Texas Security Deposit Law for Landlords and Tenants

Security deposits under Texas law are funds that are designed to be given to a landlord to provide them with some protection against damages that a tenant may potentially cause. Deposits may also be used to cover the costs of other tenant failures should they occur.

Under the Texas Security Deposit Law, advanced rent payments, application deposits, and other fees are not considered to be part of the deposit, but extra funds for the privilege of having a pet in a rental unit are. Otherwise many of the security deposit laws that are available in Texas tend to favor the landlord.

Here are the key points that both landlords and tenants are going to want to know.

1. Landlords are not required to keep separate accounts.

As soon as a landlord receives a security deposit, they are essentially able to treat it as if it were their own money.

There is no requirement to keep a security deposit separate from other funds. This means if a landlord goes into foreclosure or files for bankruptcy, the funds disappear. Tenants in this situation would be forced to sue for the return of their deposit or file to become a creditor.

2. The security deposit cannot be used for the last month of rent due.

Although the law does allow it in some places, tenants can be liable for up to 3x the rent wrongfully paid through the use of a security deposit due to Section 92.108 of the property code. Because of this, it is considered a best practice to always pay the rent separately.

3. There is no limit to the amount a landlord can charge.

Texas does not place a cap on the amount a security deposit can be. The only requirement is that landlords charge the same amount to every applicant unless one applicant wishes to have a pet and another one does not.

Race, religion, color, gender, or having children are not allowable reasons to increase a security deposit.

4. Landlords do have a duty to mitigate.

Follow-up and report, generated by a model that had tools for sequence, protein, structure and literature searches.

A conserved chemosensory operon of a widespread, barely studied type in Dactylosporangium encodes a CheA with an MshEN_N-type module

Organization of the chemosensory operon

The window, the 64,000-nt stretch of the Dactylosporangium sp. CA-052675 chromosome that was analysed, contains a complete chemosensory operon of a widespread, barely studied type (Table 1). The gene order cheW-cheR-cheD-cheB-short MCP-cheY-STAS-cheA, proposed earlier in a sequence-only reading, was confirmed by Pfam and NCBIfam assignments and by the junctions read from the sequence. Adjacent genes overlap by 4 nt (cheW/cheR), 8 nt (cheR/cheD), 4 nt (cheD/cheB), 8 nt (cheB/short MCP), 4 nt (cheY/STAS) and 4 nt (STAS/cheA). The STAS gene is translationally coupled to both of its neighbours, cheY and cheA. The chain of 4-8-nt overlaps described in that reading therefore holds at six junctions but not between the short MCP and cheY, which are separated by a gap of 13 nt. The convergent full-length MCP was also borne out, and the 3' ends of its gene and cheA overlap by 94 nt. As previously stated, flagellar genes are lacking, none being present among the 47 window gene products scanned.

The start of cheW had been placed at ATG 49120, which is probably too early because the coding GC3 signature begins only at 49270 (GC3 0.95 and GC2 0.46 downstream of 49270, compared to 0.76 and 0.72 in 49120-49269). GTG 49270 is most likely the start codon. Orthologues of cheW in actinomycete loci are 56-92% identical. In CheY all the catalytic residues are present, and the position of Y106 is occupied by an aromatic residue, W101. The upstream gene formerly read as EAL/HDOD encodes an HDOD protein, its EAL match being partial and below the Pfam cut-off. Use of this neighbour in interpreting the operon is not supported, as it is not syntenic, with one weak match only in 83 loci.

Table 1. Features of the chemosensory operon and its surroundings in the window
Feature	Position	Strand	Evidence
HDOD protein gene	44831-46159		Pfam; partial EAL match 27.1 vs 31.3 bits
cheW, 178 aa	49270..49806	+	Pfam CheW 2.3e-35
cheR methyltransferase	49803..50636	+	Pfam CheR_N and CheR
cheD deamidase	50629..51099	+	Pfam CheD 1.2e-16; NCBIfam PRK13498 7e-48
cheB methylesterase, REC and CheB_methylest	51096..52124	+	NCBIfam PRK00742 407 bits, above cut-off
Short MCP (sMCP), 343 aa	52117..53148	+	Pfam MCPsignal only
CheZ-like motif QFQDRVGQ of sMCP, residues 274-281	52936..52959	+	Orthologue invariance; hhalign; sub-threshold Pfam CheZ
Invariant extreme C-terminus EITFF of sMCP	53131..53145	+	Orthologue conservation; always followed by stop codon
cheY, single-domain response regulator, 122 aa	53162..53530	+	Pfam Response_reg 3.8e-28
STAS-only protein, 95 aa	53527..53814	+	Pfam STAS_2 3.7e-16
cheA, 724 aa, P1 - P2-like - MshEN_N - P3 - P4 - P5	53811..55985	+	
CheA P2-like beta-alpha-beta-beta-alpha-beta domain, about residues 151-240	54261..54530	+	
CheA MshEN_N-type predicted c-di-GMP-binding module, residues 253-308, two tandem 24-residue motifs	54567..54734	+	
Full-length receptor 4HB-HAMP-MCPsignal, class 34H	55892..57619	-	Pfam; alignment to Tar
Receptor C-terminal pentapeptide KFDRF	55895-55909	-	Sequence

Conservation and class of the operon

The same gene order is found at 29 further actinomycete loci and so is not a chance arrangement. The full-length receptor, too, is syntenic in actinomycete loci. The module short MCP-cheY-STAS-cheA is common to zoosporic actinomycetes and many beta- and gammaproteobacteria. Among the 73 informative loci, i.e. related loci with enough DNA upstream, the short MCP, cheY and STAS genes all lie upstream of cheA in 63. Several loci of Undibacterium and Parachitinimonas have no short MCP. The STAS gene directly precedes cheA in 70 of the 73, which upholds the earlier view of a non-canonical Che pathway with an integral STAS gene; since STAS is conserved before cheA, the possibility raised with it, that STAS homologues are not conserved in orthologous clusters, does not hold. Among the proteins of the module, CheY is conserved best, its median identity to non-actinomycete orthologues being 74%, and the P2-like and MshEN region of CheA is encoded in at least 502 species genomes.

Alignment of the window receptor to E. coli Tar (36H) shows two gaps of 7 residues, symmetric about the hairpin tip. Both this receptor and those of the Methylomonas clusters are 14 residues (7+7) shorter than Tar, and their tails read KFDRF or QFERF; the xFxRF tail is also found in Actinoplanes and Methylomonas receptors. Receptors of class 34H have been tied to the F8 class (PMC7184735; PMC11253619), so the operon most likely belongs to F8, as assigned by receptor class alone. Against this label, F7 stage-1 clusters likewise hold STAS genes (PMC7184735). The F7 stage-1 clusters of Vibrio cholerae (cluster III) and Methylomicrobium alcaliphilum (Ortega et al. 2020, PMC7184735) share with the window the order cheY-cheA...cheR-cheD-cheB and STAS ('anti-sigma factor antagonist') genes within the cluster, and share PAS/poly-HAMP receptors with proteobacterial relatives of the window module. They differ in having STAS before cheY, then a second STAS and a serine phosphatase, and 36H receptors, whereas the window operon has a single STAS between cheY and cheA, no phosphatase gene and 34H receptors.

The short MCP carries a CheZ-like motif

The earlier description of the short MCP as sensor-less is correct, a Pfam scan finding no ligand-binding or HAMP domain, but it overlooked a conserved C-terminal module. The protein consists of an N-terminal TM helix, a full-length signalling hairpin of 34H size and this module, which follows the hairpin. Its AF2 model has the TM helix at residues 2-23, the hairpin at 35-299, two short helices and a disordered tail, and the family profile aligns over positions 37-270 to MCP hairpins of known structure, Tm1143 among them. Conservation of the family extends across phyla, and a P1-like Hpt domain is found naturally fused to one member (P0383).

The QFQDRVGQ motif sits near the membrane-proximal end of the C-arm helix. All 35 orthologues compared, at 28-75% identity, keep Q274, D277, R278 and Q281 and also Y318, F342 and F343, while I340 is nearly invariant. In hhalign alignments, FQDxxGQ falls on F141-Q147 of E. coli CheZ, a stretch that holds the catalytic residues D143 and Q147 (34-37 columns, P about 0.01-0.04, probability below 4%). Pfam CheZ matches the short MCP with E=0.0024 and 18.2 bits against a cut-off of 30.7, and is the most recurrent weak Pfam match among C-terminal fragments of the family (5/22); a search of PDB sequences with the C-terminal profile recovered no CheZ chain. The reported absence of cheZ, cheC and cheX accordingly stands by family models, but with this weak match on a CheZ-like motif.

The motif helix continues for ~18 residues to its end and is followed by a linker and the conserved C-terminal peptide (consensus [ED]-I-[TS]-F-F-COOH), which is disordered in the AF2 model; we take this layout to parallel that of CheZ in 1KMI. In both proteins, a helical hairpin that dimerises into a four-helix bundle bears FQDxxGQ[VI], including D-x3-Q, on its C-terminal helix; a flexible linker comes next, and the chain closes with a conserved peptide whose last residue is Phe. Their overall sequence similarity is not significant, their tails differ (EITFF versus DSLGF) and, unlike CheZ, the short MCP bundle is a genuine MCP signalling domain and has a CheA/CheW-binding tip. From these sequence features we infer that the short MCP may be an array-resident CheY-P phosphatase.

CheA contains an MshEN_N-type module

Landlords can deduct their actual costs to find a new tenant when a lease is not fulfilled or they can charge reletting fees of up to 85% of one month's rent as a claim against a security deposit if a tenant signs a lease, pays a security deposit, but then does not move into the unit. If a tenant cannot be found, even with the duty to mitigate, then landlords can demand that rent be paid.

5. Tenants who do not give advanced notice of vacating a unit may forfeit their deposit entirely.

Texas requires that a landlord must use underlined or bold print in a lease that failing to provide proper notice can result in a complete forfeiture of a security deposit. If this occurs and the tenant's signature is on the rental agreement, then any breach of this allows for the landlord to keep the full amount of the deposit.

6. Landlords have 30 days to return a deposit.

From the time a tenant moves out, landlords have 30 days to provide a tenant with their security deposit funds. This deadline does not apply if a tenant has failed to provide a landlord with a forwarding address.

An itemized list of claims against the deposit is also required. This requirement is not in place for tenants who owe rent at the time of moving out and the amount owed is not being challenged.

7. Landlords can also be held to 3x damages.

If landlords are proven to be withholding a security deposit without cause or they have failed to provide a written notice for damage claims against the amount, then tenants have the right to seek out triple damages on the amount in question.

Both parties also have the option to seek out attorney fees which may occur in trying to recover the funds which are owed to them.

8. Security deposit interests transfer with a property sale.

If a rental property is sold, the previous landlord remains on the hook for the security deposit funds that have been paid until the new owner sends out written notices of ownership to each tenant. These notices must be signed and state that the new owner is in possession of the security deposit.

These key points of the Texas security deposit law are intended to be used for informational purposes only. This guide does not serve as a substitute for legal advice.

For more answers, review Texas Property Code Section 92.101-109 for the full scope of the law.

Posted on Apr 19, 2016


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